Random Thoughts

---Time for some Random Thoughts! It’s been far too long since I’ve shared with you the insanity that runs through my head. Welcome, newcomers. I hope you love these as much as I do.
---If not, well, tough.
---While visiting some website, the words “This is where I leave you” appeared across the top of the tab, just for a second. I wish I had the time to get a screen cap. What a quiet message, yet fraught with longing.
---Yesterday I read about caterpillars that look like leaves, so naturally last night I dreamed that every tree I came across was full of them.
---One week of camping without any electronics can reset your biological clock, helping you sleep at night. However, doing so requires camping outside for one week without electronics. You can see the problem there.
---Richard Matheson wrote I AM LEGEND, the novel that got turned into that Will Smith movie that ruined the ending. Matheson’s son Chris is the creator of Bill & Ted’s Excellent Adventure. Let that sink in for a minute.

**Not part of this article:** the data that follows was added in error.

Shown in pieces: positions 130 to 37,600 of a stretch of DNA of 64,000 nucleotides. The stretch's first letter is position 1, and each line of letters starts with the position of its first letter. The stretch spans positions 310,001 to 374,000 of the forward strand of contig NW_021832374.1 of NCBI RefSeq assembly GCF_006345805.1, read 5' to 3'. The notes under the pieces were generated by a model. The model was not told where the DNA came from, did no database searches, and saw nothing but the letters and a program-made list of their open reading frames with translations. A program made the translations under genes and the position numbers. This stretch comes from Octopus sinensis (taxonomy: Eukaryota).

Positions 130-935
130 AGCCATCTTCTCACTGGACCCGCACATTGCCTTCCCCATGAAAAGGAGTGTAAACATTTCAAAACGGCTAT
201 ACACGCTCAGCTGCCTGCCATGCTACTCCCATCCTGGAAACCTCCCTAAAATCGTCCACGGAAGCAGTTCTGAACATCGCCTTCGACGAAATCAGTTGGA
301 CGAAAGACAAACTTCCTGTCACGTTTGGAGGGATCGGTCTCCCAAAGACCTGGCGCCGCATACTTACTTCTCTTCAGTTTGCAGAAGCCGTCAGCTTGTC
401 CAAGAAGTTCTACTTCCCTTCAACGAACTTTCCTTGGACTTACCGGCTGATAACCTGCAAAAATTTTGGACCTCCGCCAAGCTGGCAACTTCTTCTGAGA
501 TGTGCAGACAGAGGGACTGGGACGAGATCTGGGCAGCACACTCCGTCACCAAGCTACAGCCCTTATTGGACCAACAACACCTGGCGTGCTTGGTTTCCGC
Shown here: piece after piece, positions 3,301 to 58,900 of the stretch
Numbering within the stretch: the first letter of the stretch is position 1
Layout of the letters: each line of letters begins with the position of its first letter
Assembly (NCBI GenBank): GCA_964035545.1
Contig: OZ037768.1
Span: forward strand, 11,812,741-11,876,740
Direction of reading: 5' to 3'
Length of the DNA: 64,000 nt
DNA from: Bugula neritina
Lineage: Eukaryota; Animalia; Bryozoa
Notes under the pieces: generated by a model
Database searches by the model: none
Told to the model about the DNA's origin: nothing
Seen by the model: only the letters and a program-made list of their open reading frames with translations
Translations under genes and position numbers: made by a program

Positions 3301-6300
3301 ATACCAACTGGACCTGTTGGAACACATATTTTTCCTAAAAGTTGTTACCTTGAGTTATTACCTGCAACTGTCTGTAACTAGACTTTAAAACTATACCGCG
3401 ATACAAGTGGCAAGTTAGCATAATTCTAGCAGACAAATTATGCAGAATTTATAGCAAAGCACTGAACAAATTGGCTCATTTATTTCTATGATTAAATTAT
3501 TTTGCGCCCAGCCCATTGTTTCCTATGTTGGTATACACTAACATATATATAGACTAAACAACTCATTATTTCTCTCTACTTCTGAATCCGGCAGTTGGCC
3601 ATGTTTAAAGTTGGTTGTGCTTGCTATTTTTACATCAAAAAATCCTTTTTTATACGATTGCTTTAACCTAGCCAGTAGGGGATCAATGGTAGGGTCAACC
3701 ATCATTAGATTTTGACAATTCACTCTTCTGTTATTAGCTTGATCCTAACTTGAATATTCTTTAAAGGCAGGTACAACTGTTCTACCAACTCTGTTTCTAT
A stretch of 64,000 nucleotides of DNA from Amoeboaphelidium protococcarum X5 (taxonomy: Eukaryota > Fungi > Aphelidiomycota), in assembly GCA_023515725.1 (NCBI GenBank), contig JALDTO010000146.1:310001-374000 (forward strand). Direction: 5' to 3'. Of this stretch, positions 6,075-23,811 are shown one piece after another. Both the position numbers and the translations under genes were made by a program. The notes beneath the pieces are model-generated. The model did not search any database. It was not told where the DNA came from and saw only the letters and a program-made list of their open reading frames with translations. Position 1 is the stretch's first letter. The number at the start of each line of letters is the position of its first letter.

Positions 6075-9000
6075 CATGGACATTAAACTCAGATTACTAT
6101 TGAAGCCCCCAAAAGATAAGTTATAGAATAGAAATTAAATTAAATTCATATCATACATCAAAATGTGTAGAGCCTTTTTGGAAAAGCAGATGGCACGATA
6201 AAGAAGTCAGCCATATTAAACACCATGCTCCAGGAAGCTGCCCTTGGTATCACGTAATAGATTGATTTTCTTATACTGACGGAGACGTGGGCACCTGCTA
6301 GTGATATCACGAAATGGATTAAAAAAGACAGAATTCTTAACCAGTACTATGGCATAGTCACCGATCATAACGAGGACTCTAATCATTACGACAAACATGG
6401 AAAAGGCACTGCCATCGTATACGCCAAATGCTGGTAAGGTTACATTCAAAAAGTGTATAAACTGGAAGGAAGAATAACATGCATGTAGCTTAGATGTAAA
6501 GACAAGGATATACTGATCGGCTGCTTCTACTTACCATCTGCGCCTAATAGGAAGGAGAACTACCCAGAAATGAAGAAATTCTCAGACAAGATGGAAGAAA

---America has five percent of the world’s population, yet it produces one quarter of the world’s garbage.
---The embassies of Slovak and Slovenia exchange wrongly addressed mail once a month.
---There is actually a musical of the book/movie AMERICAN PSYCHO. I’m not sure how to feel about that. Confused? Confused.
---A flight from Denver to Baltimore was diverted to another airport for security reasons. Said security reasons that two people complained about an R rated movie they couldn’t shut off being shown to their two young children. No, there’s no way those movie-complaining terrorist parents will win.